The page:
Mick reminded the congregation that Mick Farrell was an accomplished athlete, winning awards in cross-country running for St Laurence O’Toole AC in the years before the formation of Tinryland AC.
The Tinryland chairman said the name ‘Yank’ was bestowed on Mick when he came back from England in the early 1960s.
“At that time it was rare enough for people to travel out of the country so someone called him the Yank.”
And Mick did get to the United State in 1997 when a group of over 50 people from Tinryland travelled to Daytona Beach, Florida.
Mick Murphy described Mick Farrell as “a gentleman who always had a word for everyone. He was well read and a mine of information when it came to debates on history, politics, sport or, indeed, any subject.”
When Tinryland took part in the Jimmy Magee Play Sports Quiz on RTE Radio almost 30 years ago, he was the first name on the team. “He really enjoyed that event with the late Tommy O’Neill and Eamonn Byrne.”
He loved listening to radio, in particular the BBC World Service, keeping in touch with world events, where he got the daily racing tip. “This tip would help him pick his banker for his daily 50 cent lucky 15. He loved the horses and, for very little outlay, he had some spectacular wins.” He was also a good pool player.
Some five years ago Mick had a recurrence of arthritis and was in severe pain. After being hospitalised he returned to Tinryland and moved in with his sister, Kay and her husband, Peter. But he had taken bad in late 2016 and “unfortunately this time he could not beat it.”
Pat Foster, a close friend of Mick’s, spoke of first meeting Mick in Sheehan’s Field, where Tinryland trained at the time. He recalled Mick having worked in England and going racing in Royal Ascot. He was effusive in his praise of the wonderful work Mick Farrell carried out for the Tinryland club.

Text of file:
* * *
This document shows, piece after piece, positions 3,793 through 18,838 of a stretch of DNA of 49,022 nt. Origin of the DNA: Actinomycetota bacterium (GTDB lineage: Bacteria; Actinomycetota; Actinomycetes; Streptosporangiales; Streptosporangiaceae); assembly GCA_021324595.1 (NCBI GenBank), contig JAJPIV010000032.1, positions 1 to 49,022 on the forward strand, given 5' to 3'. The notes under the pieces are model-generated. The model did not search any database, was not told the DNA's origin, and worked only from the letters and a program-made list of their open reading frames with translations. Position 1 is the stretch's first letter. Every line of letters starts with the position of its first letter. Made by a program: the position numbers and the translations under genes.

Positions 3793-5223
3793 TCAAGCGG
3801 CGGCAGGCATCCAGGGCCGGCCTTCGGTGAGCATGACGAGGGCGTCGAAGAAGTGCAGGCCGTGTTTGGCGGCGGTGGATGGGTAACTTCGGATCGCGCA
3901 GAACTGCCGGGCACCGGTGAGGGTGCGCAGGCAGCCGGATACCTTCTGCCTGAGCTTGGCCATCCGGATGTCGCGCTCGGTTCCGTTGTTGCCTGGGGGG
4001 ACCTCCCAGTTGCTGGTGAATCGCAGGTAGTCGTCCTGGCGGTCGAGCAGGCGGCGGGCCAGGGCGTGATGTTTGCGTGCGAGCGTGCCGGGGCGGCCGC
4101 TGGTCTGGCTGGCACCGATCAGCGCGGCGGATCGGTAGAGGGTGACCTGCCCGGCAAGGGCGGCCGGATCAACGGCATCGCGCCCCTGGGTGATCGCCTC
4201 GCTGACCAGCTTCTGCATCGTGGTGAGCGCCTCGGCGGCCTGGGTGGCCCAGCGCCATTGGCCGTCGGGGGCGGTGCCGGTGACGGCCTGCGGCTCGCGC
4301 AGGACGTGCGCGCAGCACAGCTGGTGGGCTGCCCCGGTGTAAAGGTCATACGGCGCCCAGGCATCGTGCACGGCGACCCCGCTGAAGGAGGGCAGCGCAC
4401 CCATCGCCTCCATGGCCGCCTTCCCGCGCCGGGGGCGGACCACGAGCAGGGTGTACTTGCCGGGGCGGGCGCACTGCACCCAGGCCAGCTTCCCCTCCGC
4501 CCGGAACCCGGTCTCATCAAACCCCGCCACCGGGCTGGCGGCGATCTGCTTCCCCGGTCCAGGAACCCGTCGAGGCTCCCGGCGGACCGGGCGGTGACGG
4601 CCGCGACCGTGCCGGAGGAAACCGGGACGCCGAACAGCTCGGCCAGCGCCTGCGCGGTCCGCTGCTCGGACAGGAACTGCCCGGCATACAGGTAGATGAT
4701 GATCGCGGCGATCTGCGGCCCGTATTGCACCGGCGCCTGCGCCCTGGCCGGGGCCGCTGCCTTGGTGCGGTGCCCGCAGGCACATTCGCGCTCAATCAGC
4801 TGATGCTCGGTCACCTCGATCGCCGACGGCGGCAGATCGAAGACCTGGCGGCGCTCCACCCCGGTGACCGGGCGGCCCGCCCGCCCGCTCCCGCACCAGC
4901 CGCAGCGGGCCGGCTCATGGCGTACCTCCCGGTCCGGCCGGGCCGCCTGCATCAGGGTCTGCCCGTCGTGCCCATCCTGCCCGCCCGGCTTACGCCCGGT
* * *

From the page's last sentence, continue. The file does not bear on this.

They had travelled to many matches together and Pat recalled the 1972 final when Mick’s goal turned the final in Tinryland’s favour.
Pat, a former club chairman, who served on the Tinryland committee for 33 years, said Mick retired from work at the age of 58 and having endured severe pain in his final illness had now gone to meet family and friends.
Mick was waked in Carpenter’s Funeral Home, Barrack Street on Saturday. Members of Tinryland GFC formed a guard of honour at the removal of the remains that evening to St Joseph’s Church, Tinryland where Fr Tom Little, PP, Askea-Bennekerry-Tinryland celebrated his Funeral Mass on Sunday morning. Seán Byrne, Kilmeaney, sang the hymns at Mass.
The Tinryland number 14 jersey was placed on the coffin and Tinryland GFC again formed a guard of honour outside the church. Many of the GAA clubs of the county were represented at the funeral.
Following Mass Mick was laid to rest in the adjoining cemetery, with Fr Little reciting the final prayers at the graveside.
A single man and the eldest in a family of nine, Mick is survived by his siblings John, Beth, Billy, Pat, Ann, Kay and Doreen, brothers-in-law, sisters-in-law, nephews, nieces, relatives, GAA colleagues and many friends.
He was predeceased by his sister, Mai Roche.